I believe that the job I have in health care is in direct support of helping humanity. I believe the research I do will better the future. I believe that if I don’t want to make money for the job I do, I have the right to donate it all back into the community. This is my job on earth 🙂 I approve of what he’s doing to enjoy his life, but I’d also argue that “living off the earth” and “generosity of others” is pretty lazy.

    • @ GB – never heard of that book. I can see the appreciation for life and you are right, what about when you are done living off the land. You are not exactly the most employable person when you are old. And if you dont pay into the system I dont think you will be receiving Social Security. It would be an interesting case to see how this guy is living when he is 60. I will put that in my to do list to follow back up when he is elderly. Come to think of it, I wonder where this blog will be when I am 60? Will you still be following along?

  8. I know someone like that — and nobody likes “that guy” who suggests going out and can’t chip in?

  9. Definitely a cool idea but no way I would ever be able to or want to do it. It sounds like he had bad experiences before he went off on his journey.

  10. There’s a not so fine line between ‘living off the land’ and taking advantage of friends and family. Need more details to know which this guy is really more about.

  11. I don’t think money is evil; rather, it’s the foolish use of money. When you have a family with kids, you can’t just walk away. I have too many responsibilities on my shoulder to even remotely entertain this thought of walking away. 🙂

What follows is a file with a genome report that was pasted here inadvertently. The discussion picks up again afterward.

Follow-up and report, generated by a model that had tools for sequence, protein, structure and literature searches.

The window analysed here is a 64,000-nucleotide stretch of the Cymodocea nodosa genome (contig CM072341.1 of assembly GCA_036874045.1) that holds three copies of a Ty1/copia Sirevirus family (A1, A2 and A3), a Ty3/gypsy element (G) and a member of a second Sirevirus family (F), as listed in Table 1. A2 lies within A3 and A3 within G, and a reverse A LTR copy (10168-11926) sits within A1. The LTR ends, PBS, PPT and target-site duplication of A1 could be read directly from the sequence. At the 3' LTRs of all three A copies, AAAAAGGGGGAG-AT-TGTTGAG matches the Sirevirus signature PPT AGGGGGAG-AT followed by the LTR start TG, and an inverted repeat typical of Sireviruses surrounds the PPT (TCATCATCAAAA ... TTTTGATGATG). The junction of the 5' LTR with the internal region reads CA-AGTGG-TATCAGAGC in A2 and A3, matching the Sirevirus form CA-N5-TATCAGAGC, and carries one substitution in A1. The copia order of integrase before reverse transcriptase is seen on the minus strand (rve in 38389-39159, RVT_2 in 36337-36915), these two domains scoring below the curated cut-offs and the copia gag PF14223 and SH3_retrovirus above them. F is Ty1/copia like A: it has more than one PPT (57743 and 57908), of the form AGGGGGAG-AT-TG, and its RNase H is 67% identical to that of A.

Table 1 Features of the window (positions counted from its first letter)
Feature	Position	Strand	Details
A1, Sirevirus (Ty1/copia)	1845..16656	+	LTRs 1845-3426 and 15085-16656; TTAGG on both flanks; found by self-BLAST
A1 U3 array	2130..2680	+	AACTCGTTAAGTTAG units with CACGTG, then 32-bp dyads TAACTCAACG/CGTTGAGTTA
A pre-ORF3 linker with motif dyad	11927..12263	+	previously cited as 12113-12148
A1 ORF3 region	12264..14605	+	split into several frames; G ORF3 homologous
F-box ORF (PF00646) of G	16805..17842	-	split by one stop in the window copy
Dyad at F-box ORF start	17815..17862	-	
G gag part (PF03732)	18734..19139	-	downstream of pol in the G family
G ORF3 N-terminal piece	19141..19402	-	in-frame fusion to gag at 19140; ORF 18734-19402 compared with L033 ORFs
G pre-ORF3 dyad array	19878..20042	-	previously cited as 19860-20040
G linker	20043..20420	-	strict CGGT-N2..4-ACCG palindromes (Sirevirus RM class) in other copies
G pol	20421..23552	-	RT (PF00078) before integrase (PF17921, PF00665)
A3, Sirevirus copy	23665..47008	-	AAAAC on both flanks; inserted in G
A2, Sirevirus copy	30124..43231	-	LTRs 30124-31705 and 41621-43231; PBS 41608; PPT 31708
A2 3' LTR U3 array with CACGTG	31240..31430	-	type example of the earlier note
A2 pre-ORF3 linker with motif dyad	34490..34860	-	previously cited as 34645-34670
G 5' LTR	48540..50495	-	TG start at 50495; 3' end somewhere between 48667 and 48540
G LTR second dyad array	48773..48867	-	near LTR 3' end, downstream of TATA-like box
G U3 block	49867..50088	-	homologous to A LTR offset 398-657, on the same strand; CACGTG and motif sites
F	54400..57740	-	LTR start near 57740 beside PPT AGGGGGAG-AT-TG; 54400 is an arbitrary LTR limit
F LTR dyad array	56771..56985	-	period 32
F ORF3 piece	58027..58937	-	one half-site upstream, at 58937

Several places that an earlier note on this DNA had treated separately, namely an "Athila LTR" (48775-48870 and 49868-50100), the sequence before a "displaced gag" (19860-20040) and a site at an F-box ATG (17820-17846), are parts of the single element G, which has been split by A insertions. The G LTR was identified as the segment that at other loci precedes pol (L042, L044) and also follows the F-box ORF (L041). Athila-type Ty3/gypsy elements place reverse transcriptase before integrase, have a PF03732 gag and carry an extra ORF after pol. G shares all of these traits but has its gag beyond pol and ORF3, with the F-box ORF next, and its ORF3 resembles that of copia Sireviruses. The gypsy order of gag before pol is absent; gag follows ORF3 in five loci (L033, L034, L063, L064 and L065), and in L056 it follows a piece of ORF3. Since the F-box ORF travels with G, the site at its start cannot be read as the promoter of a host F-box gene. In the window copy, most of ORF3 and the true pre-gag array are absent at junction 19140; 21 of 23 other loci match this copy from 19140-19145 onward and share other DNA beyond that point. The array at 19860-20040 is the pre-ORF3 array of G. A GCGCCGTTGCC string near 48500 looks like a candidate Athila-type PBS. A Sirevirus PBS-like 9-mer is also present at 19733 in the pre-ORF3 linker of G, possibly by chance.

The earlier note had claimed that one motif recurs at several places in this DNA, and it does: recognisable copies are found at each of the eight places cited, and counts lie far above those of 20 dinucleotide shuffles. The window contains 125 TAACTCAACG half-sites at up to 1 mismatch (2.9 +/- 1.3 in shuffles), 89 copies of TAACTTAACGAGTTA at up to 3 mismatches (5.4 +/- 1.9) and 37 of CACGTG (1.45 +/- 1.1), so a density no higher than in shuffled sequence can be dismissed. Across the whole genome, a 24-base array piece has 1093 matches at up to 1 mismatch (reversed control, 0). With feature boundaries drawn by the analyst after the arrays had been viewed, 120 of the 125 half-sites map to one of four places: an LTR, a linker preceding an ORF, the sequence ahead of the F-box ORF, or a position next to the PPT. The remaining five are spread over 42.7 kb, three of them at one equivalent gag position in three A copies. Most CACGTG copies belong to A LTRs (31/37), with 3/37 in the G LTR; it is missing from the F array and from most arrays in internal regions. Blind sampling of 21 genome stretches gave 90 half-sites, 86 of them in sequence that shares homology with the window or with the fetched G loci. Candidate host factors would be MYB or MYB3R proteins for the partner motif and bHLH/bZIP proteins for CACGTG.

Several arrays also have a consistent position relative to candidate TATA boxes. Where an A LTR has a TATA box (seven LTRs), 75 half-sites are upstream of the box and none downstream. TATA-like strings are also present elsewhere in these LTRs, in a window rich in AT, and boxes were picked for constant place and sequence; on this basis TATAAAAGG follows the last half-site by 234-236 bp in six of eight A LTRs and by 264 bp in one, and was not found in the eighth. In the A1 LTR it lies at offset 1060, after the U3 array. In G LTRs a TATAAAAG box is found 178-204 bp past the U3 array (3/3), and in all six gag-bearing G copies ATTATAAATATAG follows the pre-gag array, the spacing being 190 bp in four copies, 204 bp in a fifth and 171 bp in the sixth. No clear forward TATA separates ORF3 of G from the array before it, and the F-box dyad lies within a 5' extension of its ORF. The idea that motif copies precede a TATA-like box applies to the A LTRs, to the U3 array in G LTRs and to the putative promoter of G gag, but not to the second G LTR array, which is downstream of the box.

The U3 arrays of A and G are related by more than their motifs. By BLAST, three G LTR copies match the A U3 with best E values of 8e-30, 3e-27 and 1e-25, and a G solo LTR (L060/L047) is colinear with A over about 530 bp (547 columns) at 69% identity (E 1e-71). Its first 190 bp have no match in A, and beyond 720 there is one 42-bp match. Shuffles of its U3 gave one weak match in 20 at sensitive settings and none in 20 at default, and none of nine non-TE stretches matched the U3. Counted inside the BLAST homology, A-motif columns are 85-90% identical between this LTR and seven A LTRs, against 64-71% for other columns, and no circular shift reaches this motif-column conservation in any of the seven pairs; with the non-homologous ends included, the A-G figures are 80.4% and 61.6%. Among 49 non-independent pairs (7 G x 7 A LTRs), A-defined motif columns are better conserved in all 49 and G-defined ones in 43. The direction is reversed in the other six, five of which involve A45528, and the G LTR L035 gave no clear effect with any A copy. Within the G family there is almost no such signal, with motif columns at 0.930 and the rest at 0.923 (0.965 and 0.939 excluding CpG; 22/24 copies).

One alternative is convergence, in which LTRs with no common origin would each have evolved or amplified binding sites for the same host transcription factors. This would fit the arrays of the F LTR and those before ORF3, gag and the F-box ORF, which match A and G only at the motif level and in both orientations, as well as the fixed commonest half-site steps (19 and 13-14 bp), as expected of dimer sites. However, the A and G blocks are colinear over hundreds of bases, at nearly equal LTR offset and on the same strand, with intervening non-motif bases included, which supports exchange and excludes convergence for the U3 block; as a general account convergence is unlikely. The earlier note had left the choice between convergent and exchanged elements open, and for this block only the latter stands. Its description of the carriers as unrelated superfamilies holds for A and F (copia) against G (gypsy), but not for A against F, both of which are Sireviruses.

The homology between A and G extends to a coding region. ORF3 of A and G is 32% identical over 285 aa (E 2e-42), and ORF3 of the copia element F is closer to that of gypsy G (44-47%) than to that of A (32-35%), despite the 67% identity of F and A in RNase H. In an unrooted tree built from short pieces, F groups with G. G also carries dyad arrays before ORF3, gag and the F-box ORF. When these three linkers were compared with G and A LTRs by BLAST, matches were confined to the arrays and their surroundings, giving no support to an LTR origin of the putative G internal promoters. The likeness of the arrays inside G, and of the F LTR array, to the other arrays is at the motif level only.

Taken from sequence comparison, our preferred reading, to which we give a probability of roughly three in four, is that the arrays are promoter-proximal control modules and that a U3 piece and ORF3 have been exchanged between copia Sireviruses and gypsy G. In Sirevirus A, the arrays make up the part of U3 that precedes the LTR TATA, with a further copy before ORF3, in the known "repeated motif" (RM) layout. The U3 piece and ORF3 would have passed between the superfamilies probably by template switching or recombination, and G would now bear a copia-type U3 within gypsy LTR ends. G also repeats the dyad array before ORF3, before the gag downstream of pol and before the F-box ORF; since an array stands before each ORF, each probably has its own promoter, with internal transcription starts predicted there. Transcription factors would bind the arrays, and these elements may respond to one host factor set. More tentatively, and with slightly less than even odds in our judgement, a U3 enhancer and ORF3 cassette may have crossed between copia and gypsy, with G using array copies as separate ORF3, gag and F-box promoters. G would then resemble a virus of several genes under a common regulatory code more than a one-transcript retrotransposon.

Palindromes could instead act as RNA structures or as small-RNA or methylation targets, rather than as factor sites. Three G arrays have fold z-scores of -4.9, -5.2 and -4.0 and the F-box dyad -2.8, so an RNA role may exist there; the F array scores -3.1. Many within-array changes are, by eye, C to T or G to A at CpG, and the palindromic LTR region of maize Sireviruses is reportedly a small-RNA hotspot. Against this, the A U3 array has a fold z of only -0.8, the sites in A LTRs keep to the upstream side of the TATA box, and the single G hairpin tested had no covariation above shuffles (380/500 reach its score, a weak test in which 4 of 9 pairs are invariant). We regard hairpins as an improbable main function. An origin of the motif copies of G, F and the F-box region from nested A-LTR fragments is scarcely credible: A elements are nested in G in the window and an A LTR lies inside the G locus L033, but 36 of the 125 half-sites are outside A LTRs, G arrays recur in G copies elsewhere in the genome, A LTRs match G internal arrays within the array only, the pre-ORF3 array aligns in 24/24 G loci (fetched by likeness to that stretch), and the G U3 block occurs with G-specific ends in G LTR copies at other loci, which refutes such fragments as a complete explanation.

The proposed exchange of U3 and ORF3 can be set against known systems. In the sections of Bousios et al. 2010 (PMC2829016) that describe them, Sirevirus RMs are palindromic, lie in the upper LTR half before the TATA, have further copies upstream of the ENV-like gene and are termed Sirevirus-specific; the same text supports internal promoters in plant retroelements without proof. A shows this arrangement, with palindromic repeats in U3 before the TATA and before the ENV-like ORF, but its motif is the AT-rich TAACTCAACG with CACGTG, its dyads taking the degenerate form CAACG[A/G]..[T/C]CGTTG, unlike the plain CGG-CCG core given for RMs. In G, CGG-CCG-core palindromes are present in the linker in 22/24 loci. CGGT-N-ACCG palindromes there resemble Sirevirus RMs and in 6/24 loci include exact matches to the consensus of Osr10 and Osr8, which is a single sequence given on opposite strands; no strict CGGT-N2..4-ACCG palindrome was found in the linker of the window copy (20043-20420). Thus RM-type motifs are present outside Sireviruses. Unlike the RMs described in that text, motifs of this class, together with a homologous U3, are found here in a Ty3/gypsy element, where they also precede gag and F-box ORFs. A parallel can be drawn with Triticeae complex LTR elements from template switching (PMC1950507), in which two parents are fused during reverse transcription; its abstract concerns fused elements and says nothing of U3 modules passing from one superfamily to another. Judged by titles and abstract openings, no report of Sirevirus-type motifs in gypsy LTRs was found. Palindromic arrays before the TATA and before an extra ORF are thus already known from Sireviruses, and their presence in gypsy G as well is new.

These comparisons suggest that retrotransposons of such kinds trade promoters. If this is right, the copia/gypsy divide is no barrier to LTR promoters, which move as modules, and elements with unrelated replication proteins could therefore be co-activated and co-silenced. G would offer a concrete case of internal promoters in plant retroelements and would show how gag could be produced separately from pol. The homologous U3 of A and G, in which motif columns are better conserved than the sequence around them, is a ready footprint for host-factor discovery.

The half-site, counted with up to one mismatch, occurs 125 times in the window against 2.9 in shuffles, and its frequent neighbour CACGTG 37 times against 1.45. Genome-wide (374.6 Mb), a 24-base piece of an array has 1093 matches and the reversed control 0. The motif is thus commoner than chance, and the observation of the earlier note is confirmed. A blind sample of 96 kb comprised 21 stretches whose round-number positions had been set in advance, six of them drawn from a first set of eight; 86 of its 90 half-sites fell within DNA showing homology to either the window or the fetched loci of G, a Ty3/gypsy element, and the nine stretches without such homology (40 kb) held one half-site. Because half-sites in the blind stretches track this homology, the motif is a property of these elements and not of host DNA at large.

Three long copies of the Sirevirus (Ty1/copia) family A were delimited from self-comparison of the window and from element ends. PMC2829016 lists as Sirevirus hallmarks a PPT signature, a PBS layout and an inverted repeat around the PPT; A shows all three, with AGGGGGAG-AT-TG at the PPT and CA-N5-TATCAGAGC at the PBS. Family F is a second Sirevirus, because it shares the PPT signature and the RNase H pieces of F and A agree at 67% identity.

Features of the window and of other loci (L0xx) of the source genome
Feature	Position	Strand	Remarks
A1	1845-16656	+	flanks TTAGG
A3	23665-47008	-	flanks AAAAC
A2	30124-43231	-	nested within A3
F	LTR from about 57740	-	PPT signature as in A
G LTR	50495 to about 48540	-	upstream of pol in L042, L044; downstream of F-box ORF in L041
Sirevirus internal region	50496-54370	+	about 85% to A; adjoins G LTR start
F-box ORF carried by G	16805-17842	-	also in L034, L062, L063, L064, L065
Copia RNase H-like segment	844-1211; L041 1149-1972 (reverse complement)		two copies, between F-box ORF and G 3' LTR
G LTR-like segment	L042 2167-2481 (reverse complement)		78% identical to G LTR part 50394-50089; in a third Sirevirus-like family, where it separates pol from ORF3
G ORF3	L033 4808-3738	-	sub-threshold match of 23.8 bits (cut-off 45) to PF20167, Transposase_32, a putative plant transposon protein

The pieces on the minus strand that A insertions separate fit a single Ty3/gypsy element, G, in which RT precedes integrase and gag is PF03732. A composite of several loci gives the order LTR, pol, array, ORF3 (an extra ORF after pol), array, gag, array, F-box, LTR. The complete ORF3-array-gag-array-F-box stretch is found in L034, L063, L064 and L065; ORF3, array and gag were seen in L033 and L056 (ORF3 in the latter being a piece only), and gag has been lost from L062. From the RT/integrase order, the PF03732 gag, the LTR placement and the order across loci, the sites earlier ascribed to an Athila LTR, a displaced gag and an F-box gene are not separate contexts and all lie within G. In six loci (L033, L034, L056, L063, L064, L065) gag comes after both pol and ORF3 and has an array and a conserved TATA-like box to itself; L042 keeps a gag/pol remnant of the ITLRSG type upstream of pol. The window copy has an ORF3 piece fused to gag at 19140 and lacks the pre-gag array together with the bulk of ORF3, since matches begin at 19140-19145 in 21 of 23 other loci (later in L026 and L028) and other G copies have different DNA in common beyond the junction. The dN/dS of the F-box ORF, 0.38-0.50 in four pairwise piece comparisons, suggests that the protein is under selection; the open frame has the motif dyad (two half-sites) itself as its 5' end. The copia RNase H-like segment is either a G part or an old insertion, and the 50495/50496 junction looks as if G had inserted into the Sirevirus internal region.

• @ Shilpan – all too often we get sucked into having to buy the next newest and best thing and we do spend our money foolishly. I don’t think my wife would go along with me walking away from everything and living in a cave. I also think the way he did it in the peace corps and seeing the way they lived and then coming to America and trying to replicate that. It just is not as feasible as we are so advanced compared to some of the third world countries.

  12. Very interesting story— what he is doing is not much different than all the other homeless folks out there—though he made a conscious decision to do so.
    I hope he found some land down south to live off— I always wonder why the homeless folks here up north don’t hop a train and head south so they don’t have to sleep out in the cold. (Plus there are free showers at the beaches.)
    Though we are simple people, I do not think I could ever go without having a place to lay my head at night.

    • @ Denise – I agree, I am always amazed as to why they live in the North. If I am going to live outside, I would much rather be down in Florida. It would be interesting to know or to interview a homeless person and find out why they live up north.

  13. I couldn’t do. I really can’t even imagine doing it. But good for him if that makes him happy.

  14. When it comes to a discussion of practicality, every discussion has got two different perspectives. Personally if I am asked regarding the importance of money, I will say that obviously money is really important for meeting our day to day needs. Practically to have a life, without having money sounds obnoxious. After all life is not a bed of roses, hence eventually at the end of the day you have to seek for money whether you want or not. But from an explicit and carefree point of view, its always a treat to read over someone’s personal life originated experience. It basically makes you look the other way round and help you believe that nothing is impossible and sometimes its good to take a risk to achieve something big and place an idealism over the society. So yeah, I have thoroughly enjoyed reading this piece of writing and needless to say, I am looking forward to read the continuation.

  15. Welcome Chris 🙂